“Bitch I’m stylish / Glock tucked, big T-shirt, Billie Eilish,” are the inescapable lyrics of Armani White that have taken over airwaves worldwide. What started off as a TikTok snippet, combining a sample of N.O.R.E. and Pharrell William’s 2000s hit “Nothin’” with a cleverly worded lyric alluding to Billie Eilish’s signature oversized style, became a viral sensation giving Armani the spotlight he needed to prove why he’s here to stay. Before “Billie Eilish”, Armani was touring as a supporting act for the likes of Vince Staples, Aminé, James Blake, and Nas sharing his self-proclaimed “happy hood music” and vibrant on-stage persona with crowds across North America. The last year marks a milestone for the Philadelphia-born rapper as he signed with Def Jam Records, received a plaque for “Billie Eilish” going gold in Canada, gifted his mom 100K, and made his late-night TV debut on Jimmy Kimmel Live!
As with most success stories, nothing in life came easy for Armani but rather than wallowing in hardship he saw it as an opportunity to make changes around him. The discipline to save $60, devoting $10 for food and the rest for studio time, while sleeping in his car is the perseverance that got him to where he is today. His songs are upbeat and happy, never mind the lyrical subject which can be heavy at times, because of a realization he had when he was younger. Experiencing loss and the death of multiple family members throughout his youth, Armani found that the silver lining in his grief was the hope for better days. Music became an important vessel for his emotions and by channeling his pain into creation he found upliftment. He’s aware this mindset is a peculiarity that separates him from many contemporaries in hip-hop and it also makes him a role model for listeners who identify with his story. Combined with his exuberant personality, which extends to real life as well, it’s no wonder he can make a connection in the short attention span listeners allocate for discovery.
During a recent trip to Toronto, he performed at the Drake Underground, elicited sky-high engagement from the crowd, and paused to catch up with me the following day. In between debates about the best food in Toronto, Armani shared the origin story of his “happy hood music”, his advice for making the best out of a bad situation, the secret to success on fast-paced social platforms, and the mistake he made that turned out to be a valuable lesson.
You recently received your plaque for “Billie Eilish” going gold in Canada, what did that moment and career milestone mean to you?
It’s one of those things where you could tell your friends, yo, I’m the greatest rapper in the world but we live in a digital era, so nothing is really tangible. It’s not like how it used to be when you go to the store and see CDs. We see streams, but you don’t have anything tangible to account for what is going on. That was mind blowing to see, they told me I went gold but seeing it [solidifies] like, oh shit, that’s real!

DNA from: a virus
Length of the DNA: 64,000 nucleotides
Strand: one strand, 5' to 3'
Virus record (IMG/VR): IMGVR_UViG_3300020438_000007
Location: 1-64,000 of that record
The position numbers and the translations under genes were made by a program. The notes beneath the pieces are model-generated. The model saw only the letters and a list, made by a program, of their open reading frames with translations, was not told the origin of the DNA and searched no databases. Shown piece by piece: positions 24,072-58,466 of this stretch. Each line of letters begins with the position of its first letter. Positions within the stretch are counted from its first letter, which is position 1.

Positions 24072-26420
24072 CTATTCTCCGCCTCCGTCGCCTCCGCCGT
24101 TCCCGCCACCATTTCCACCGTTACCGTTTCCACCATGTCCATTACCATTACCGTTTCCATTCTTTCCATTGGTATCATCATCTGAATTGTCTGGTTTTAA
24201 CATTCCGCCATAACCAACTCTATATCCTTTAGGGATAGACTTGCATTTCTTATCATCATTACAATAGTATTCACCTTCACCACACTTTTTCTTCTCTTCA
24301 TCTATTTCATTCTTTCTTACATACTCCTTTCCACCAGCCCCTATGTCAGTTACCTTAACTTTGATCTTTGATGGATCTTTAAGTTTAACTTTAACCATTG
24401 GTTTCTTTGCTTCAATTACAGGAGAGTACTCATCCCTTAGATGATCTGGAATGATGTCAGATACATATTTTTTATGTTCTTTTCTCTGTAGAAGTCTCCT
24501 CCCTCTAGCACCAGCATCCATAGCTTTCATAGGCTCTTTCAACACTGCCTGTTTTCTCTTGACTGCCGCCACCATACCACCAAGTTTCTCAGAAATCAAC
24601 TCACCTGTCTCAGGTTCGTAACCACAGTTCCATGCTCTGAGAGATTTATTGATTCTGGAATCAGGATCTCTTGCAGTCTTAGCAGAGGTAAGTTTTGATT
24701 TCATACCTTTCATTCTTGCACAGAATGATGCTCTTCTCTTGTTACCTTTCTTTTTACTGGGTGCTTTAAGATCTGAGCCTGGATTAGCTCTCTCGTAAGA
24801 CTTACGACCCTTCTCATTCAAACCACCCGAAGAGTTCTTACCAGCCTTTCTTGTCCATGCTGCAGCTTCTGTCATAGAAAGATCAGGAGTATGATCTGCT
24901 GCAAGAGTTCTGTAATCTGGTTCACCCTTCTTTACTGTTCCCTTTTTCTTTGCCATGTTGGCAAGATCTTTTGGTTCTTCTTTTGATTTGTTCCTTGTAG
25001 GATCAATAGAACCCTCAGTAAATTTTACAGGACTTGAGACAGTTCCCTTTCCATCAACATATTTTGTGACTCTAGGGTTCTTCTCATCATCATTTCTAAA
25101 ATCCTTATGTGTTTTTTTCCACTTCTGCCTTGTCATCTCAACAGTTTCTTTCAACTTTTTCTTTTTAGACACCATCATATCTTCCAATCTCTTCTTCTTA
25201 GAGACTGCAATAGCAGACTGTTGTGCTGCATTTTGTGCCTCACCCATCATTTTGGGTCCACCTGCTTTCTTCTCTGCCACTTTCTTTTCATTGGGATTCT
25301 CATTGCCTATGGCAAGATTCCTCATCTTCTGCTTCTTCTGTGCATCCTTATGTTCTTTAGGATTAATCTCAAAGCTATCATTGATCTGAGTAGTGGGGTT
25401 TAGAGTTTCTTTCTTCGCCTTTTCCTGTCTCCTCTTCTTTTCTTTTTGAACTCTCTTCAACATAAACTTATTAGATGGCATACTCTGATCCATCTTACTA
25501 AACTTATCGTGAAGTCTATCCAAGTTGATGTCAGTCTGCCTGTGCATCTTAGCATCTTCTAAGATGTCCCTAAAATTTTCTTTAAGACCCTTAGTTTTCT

You have a great stage presence, how much of that would you say is attributed to your naturally outgoing personality and your practice performing for different crowds?
It’s practice when I’m performing, but it’s also practice when [I’m] talking to people. It’s a split between the two: it’s my personality that contributes to it, and it’s traveling that contributes to it. I used to always watch James Brown’s performances when I was a kid, and I was intrigued by the power to command a crowd. Even if I say “woo” and they say “woo” I thought that shit was so cool. For me, the goal when I walk on stage is to have a conversation. I want y’all to feel like we’re having a conversation, I want y’all to feel like you’re catching up with your homies you haven’t seen in a while, and you’re doing it through music. Every time we execute that well is when it feels good.
You recently performed at Made in America, which was in your hometown of Philadelphia, and Rolling Loud New York, what have been some of your most memorable performances to date?
Made in America [was] very cool because I did [the festival] in 2018, but I was a much smaller artist. Doing it again [with a hit single]? That’s cool as hell. It’s a full-circle moment. Honestly, Canada has some of my favorite shows. We played Montreal with Vince Staples in 2019, and [I] was like, damn, Canada is cool. I fuck with Canada. Also, BC was the first time I saw somebody who knew the words [to my songs]. This was in 2019 again. I was so used to playing like it was a talent show but that was the first time that was like, nah, these people [know].
You call your genre of music, happy hood music, why does that name best represent your sound?
If you take the type of character that I am and you equate [it] to what I’ve been through and where I’m from, in the usual equation, [it doesn’t] add up. I have to be very prevalent, knowing that and say nah, you can take those two things, add them up and get this result, if you want to and be the example of what that looks like for the next generation. Happy hood music to me is defined as taking a different direction coming from past trauma and pain, being able to take all that energy and build something positive.
When did you coin that term, happy hood music?